The words combined to formulate the term “StratOp” are used with striking purpose. Strategy  is “the art of planning for tomorrow, today.” Operations is “the discipline of taking care of today, today.” The StratOp process takes into account both organizational and real world realities. It is the balance of managing today’s realities in light of tomorrow’s opportunities that gives the StratOp its true power. A silent third partner in the definition of StratOp is the word Financial. Both the strategic and operational must be financed.

What distinguishes the StratOp process from other strategic planning methods is that it is a behaviorally-sound process enabling leaders to manage their ministry as a whole, not as a collection of parts, vital in today’s religious environment. Each step of the StratOp process logically and systematically builds on the previous and blends together the strategic, operational, and the financial through a compelling vision of the future. The result is a breakthrough of thinking, alignment and focus. Through a “managing the whole” approach, new potential is released with astonishing results.

Results that can be implemented today, not at some uncertain date in the future.

Find out more about the Auxano StratOps process here.

Download PDF

Tags: , , , ,

| What is MyVisionRoom? > | Back to Vision >

ABOUT THE AUTHOR

VRcurator

VRcurator

Bob Adams is Auxano's Vision Room Curator. His background includes over 23 years as an associate/executive pastor as well as 8 years as the Lead Consultant for a church design build company. He joined Auxano in 2012.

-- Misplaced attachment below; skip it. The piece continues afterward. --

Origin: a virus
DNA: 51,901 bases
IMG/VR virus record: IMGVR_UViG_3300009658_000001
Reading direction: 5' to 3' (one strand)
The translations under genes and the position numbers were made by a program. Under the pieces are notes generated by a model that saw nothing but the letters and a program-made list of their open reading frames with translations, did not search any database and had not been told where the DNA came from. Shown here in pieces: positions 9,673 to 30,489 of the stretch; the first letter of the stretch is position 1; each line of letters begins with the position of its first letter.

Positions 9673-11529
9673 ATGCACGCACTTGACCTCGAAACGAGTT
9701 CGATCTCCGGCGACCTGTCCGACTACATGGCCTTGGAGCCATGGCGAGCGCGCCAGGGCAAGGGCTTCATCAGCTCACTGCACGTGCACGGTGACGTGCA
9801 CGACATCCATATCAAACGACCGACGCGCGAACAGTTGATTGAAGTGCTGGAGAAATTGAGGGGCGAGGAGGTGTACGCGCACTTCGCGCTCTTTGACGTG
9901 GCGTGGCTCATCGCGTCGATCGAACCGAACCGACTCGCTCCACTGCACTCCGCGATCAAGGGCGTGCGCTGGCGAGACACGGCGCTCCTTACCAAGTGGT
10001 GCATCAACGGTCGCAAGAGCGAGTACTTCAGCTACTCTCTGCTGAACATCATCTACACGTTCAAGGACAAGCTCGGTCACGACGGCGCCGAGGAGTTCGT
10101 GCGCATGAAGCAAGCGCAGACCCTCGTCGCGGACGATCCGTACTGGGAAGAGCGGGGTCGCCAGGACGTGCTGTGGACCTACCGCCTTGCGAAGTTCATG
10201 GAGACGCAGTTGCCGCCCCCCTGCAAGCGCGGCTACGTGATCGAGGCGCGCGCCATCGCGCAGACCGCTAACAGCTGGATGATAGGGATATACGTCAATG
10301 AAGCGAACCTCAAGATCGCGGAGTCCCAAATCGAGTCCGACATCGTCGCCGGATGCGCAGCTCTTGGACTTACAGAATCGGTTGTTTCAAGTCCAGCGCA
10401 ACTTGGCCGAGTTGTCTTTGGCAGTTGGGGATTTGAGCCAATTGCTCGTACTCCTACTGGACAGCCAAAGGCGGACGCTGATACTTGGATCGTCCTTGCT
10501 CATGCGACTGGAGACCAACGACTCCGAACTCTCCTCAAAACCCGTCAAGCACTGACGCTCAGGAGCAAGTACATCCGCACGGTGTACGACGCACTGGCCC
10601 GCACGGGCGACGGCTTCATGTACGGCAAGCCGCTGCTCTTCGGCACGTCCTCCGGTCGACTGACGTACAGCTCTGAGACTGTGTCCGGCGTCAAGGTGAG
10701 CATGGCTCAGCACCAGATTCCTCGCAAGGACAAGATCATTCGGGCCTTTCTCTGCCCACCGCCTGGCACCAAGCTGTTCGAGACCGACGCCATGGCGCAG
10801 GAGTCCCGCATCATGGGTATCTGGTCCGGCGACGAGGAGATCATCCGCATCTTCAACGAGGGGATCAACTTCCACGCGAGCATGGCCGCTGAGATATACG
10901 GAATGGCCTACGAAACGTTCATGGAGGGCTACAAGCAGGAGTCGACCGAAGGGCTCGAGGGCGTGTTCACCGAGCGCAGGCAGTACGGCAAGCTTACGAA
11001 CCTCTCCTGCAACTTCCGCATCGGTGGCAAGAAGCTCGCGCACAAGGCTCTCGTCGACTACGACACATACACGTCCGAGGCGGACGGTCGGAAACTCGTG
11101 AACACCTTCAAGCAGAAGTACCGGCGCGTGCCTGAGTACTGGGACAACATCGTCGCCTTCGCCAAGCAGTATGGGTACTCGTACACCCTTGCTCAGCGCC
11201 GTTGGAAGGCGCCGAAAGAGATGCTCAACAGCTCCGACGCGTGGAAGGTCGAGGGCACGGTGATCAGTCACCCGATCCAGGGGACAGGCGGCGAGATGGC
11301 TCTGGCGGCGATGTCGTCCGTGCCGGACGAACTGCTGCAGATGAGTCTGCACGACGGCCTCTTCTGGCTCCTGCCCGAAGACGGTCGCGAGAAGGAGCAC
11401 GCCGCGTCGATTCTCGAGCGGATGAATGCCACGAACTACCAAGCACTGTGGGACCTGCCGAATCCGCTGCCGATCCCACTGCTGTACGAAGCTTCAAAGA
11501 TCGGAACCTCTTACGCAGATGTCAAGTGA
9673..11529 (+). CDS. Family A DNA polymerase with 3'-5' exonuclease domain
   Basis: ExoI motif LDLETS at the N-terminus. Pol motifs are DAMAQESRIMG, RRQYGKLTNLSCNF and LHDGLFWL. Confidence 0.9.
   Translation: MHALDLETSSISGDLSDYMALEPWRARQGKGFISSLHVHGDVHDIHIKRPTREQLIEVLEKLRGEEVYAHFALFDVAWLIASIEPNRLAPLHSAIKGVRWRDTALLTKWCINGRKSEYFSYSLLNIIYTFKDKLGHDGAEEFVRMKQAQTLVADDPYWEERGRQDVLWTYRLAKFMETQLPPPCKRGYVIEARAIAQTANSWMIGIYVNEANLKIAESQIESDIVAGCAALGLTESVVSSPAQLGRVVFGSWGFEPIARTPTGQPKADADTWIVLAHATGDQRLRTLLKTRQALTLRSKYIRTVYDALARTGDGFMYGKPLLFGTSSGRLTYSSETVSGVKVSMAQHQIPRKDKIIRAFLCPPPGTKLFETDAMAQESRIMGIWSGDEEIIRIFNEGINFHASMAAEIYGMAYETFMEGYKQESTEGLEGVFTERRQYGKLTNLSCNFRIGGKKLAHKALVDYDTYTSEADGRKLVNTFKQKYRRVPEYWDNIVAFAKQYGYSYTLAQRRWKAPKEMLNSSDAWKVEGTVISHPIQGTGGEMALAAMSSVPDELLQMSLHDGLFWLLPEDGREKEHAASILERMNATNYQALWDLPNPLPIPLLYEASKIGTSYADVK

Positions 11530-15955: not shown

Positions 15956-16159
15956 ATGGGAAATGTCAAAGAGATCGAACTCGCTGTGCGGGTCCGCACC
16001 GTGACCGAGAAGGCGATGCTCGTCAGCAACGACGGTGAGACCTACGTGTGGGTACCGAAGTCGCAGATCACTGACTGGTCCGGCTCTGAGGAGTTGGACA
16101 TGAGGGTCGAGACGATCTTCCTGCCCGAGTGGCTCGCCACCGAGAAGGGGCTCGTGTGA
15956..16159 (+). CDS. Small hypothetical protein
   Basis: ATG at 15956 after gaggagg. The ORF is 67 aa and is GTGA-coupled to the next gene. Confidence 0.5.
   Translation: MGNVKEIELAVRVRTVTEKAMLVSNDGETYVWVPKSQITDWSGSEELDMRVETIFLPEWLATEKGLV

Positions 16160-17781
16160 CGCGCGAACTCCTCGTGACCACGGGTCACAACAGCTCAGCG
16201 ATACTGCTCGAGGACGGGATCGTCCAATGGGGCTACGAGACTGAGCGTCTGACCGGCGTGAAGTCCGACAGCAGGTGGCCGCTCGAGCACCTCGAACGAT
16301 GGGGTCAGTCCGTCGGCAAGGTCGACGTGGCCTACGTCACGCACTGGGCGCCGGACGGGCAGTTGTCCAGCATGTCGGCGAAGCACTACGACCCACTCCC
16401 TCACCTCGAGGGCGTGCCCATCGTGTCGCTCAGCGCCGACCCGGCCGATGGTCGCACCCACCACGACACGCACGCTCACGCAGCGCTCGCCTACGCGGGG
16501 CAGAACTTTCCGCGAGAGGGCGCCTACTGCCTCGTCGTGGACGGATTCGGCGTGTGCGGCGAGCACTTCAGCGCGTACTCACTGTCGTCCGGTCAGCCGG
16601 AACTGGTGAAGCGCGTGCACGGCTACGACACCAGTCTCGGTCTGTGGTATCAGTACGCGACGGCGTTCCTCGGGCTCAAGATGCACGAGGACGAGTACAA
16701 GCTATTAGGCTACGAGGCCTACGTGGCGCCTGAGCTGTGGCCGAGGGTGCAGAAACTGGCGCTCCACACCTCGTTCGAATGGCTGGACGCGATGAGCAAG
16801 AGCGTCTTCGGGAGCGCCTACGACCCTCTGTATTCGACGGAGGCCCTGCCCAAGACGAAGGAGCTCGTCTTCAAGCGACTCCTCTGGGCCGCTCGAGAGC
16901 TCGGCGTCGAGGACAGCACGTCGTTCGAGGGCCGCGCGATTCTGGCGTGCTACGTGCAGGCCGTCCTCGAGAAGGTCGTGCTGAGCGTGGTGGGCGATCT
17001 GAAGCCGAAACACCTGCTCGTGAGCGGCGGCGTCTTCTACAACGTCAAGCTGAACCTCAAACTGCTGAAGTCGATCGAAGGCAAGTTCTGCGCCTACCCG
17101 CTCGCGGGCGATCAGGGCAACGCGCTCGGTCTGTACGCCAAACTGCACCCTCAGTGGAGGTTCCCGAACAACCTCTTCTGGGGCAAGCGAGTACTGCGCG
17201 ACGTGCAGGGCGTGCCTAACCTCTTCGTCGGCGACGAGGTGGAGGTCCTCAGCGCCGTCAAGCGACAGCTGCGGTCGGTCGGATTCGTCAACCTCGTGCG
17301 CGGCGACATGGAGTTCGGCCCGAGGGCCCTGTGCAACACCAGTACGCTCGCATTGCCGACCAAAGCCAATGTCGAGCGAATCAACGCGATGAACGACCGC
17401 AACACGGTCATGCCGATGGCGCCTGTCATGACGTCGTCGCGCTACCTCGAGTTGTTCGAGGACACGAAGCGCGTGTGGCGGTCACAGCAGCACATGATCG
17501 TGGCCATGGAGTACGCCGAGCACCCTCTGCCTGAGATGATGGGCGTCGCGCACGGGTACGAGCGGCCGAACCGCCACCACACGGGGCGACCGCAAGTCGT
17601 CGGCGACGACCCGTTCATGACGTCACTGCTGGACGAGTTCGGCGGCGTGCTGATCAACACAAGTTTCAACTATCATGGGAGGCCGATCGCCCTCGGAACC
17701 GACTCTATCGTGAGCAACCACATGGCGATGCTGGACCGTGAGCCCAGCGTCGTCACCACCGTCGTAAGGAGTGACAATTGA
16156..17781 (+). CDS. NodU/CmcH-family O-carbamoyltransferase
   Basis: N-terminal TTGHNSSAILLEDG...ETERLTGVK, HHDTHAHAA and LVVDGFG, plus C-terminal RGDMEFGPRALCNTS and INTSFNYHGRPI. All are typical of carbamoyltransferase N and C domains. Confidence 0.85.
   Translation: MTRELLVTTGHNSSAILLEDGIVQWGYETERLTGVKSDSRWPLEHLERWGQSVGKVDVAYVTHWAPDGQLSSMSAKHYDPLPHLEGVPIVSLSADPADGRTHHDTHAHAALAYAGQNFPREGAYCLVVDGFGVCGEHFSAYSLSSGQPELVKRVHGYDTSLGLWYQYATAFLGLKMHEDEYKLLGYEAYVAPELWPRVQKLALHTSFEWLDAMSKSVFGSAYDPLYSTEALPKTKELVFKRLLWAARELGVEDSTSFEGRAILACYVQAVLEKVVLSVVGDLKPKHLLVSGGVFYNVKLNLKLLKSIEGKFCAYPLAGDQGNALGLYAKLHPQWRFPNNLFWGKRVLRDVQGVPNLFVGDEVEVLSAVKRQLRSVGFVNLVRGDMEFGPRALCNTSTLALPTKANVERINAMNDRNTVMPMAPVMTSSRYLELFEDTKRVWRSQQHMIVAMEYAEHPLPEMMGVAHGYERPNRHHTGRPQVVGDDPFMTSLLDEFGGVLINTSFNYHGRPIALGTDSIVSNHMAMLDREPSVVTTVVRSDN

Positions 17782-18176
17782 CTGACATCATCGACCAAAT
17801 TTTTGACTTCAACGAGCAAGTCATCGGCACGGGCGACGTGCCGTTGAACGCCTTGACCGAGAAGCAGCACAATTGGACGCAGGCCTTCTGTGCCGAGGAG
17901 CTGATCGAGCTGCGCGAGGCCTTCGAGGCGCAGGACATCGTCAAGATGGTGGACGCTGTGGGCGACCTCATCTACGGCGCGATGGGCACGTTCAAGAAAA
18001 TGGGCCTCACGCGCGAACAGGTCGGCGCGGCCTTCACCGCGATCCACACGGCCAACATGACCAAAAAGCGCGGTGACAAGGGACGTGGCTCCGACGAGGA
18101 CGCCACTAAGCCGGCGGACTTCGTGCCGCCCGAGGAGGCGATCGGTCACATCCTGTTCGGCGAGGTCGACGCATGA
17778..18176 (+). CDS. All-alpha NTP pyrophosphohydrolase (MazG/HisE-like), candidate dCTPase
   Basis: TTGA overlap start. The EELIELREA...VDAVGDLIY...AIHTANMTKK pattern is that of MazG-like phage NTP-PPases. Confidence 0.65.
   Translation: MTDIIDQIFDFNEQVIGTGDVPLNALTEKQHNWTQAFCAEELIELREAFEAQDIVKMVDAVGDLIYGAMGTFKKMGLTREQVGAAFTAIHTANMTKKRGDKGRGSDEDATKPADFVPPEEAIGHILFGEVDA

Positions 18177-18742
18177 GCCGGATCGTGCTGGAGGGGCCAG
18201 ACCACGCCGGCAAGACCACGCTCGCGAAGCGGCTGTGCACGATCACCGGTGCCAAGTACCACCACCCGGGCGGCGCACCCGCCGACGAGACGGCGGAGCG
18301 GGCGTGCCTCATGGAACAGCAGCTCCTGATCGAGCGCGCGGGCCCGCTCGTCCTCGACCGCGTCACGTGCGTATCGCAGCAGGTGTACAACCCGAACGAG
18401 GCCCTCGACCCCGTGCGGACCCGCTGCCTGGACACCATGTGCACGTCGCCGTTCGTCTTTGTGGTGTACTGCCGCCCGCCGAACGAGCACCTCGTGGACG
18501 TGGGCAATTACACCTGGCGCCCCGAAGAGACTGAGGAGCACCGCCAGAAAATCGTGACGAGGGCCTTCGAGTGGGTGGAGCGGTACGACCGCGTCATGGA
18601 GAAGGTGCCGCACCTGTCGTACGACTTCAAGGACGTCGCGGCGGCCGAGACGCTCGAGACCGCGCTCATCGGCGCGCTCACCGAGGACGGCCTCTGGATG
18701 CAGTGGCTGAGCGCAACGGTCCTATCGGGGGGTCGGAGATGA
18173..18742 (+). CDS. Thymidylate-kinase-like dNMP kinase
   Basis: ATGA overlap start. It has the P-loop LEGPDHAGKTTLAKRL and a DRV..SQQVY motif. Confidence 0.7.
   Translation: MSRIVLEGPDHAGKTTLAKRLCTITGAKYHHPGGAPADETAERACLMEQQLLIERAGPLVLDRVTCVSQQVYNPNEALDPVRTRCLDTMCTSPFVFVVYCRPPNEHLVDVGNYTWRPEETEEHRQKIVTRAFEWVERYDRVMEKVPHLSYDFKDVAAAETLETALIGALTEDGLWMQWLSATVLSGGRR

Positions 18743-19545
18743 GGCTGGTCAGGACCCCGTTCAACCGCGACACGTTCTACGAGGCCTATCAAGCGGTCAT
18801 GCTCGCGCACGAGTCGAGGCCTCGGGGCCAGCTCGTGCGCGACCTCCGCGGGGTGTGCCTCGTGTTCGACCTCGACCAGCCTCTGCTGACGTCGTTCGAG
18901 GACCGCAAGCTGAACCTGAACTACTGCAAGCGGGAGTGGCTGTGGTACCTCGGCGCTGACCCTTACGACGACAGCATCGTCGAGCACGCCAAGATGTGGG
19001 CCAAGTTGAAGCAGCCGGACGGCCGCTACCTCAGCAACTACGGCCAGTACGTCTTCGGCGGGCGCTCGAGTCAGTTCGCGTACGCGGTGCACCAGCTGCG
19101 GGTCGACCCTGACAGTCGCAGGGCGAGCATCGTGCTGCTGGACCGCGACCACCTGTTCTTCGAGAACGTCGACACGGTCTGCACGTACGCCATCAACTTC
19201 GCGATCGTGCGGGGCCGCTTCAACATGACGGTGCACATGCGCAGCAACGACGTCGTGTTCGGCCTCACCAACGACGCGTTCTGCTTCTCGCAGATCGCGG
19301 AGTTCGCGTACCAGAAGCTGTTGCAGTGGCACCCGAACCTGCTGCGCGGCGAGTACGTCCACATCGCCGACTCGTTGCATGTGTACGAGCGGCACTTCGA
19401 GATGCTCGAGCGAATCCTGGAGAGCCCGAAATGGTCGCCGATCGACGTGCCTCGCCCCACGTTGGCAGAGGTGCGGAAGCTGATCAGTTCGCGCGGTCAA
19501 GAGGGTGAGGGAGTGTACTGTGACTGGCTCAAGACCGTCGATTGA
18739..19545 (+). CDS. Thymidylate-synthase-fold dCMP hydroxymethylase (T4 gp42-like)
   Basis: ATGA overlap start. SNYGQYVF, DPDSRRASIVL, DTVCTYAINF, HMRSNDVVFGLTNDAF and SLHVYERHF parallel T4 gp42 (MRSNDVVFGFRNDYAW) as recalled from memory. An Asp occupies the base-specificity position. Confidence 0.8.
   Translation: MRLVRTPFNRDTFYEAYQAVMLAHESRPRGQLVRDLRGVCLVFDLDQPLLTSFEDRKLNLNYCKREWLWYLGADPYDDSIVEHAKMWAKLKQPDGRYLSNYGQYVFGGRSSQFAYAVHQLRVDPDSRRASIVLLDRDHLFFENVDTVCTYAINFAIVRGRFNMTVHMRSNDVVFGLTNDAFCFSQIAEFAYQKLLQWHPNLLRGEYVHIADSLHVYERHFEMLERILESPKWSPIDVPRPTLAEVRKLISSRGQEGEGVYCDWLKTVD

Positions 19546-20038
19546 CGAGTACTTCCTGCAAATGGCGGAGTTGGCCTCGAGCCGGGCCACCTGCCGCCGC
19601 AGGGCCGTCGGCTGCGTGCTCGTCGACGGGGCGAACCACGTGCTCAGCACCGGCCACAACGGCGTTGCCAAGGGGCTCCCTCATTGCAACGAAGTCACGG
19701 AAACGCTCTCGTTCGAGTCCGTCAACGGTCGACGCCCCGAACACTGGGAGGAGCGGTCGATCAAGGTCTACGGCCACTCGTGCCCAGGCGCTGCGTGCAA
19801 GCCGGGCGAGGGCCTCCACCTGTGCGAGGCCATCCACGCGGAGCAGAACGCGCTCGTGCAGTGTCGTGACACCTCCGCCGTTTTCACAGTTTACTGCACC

See more articles by >

COMMENTS

What say you? Leave a comment!

Oree McKenzie — 12/23/13 5:57 am

Noteworthy article and an even more intriguing concept.

Recent Comments
comment_post_ID); ?> I agree 100%, you can tell if a church is doing this it grows, if there's no growth there's poor leadership..
 
— Dennis Whiterock
 
comment_post_ID); ?> Great work Bubba! Its exciting to see how God has blessed your faithfulness over your lifetime into remarkable, fruitful, Kingdom expansion! Jesus DID say, "without Me you can do nothing!" (John 15:5). No surprise that He rewards "thick and thin" prayer with great fruitfulness! :)
 
— Mike Taylor
 
comment_post_ID); ?> I loved this presentation. It helped greatly as I organized an Outreach Ministry of The Shepherds Care. Thank you. Esther Callaham Mahgoube Emmanuel Pentecostal Church New Jersey